# CSE Lecture In Class Example Handout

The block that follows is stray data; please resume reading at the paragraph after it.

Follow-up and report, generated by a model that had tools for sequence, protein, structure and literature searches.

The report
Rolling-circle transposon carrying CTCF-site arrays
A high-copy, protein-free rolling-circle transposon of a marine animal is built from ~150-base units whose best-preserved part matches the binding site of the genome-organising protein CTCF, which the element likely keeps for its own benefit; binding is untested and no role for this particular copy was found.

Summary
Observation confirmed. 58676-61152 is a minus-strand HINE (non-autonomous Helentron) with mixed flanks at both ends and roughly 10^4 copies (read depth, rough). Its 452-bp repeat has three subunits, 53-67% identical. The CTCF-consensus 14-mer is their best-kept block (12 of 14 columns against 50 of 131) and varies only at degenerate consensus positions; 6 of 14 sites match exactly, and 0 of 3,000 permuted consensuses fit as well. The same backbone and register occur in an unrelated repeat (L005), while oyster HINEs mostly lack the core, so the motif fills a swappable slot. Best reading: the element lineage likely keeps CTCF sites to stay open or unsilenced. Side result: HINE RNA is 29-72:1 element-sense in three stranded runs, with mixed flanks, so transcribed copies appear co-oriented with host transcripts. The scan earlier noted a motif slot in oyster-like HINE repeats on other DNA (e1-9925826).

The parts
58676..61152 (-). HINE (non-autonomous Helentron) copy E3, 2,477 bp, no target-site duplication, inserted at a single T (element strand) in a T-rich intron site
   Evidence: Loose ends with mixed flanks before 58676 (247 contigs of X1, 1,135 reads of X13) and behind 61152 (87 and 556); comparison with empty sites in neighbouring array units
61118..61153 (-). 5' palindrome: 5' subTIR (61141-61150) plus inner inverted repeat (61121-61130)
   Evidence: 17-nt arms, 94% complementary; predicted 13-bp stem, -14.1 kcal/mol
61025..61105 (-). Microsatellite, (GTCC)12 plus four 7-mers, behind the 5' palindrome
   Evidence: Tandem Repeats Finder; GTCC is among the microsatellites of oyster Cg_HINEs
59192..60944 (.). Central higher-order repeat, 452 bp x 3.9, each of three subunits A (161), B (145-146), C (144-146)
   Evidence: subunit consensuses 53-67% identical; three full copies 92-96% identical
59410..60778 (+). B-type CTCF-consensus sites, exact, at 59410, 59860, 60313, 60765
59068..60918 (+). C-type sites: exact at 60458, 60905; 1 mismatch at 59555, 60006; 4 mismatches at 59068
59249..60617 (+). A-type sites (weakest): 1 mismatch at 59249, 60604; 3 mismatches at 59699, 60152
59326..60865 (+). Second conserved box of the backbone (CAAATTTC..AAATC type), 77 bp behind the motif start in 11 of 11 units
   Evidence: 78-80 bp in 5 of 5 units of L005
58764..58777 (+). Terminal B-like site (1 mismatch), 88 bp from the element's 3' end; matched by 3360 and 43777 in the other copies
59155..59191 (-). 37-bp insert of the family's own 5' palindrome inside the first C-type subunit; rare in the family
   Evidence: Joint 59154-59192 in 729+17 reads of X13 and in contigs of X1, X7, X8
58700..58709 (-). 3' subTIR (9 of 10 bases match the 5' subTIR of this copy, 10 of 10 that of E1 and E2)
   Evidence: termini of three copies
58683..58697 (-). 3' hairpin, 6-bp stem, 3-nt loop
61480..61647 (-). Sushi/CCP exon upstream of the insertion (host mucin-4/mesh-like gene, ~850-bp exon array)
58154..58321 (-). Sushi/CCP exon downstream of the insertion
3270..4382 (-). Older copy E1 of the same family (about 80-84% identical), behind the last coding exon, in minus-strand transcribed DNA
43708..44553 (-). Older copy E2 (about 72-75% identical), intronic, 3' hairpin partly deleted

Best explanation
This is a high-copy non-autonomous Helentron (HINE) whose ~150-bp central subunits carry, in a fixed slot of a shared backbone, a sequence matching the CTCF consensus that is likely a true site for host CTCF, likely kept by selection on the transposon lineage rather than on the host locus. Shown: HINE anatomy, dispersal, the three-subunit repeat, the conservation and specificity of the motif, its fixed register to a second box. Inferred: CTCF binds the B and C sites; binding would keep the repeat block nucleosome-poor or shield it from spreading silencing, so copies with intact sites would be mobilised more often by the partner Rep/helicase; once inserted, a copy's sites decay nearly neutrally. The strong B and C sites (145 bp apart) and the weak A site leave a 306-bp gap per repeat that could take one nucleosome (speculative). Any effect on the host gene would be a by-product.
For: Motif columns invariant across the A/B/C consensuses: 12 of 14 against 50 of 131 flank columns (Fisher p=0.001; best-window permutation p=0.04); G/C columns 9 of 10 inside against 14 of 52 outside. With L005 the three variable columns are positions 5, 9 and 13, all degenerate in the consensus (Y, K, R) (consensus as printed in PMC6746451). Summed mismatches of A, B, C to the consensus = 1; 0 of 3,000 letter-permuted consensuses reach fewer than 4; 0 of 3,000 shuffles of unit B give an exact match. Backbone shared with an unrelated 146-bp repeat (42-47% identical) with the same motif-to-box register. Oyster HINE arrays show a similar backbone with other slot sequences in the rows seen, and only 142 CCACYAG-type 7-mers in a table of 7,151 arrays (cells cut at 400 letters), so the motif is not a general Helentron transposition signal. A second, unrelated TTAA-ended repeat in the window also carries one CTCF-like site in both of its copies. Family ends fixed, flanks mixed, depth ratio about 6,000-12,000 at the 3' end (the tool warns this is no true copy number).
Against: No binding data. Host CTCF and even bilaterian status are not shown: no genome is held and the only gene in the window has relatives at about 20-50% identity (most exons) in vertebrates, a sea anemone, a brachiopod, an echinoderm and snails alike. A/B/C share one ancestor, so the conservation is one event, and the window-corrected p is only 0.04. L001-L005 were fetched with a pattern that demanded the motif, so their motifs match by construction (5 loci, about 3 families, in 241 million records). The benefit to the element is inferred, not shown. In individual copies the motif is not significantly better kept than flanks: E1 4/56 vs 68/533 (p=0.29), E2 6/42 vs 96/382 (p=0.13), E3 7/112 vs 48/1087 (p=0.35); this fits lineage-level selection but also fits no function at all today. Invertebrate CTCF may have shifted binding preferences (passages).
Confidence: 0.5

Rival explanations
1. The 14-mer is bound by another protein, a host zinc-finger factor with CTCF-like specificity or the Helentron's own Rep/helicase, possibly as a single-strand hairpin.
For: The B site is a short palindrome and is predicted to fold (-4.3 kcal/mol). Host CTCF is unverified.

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1 CSE Lecture In Class Example Handout Part A: A Simple, MIPS-based Procedure: Swap Procedure Example: Let s write the MIPS code for the following statement (and function call): if (A[i] > A [ i+1]) // \$s0 = A swap (&A[i], &A[i+1]) // \$t0 = 4*i We will assume that: - The address of A is contained in \$s0 (\$16) - The index (4 x i) will be contained in \$t0 (\$8) Answer: The Caller: // Calculate address of A(i) add \$s1, \$s0, \$t0 // \$s1 address of array element i in \$s1 // Load data lw \$t2, 0(\$s1) // load A(i) into temporary register \$t2 lw \$t3, 4(\$s1) // load A(i+1) into temporary register \$t3 // Check condition ble \$t2, \$t3, else // is A(i) <= A(i+1)? If so, don t swap // if >, fall through to here addi \$a0, \$t0, 0 // load address of x into argument register (i.e. A(i)) addi \$a1, \$t0, 4 // load address of y into argument register (i.e. A(i+1)) else: // Call Swap function jal swap // PC address of swap; \$ra \$31 = PC + 4 // Note that swap is generic i.e. b/c of the way data is passed in, we do not assume the values // to be swapped are in contiguous memory locations so two distinct physical addresses are // passed in Swap: lw \$t0, 0(\$a0) // \$t0 = mem(x) use temporary register lw \$t1 0(\$a1) // \$t1 = mem(y) use temporary register sw 0(\$a0), \$t1 // do swap sw 0(\$a1), \$t0 // do swap jr \$ra // \$ra should have PC = PC + 4 // PC = PC + 4 should be the next address after jump to swap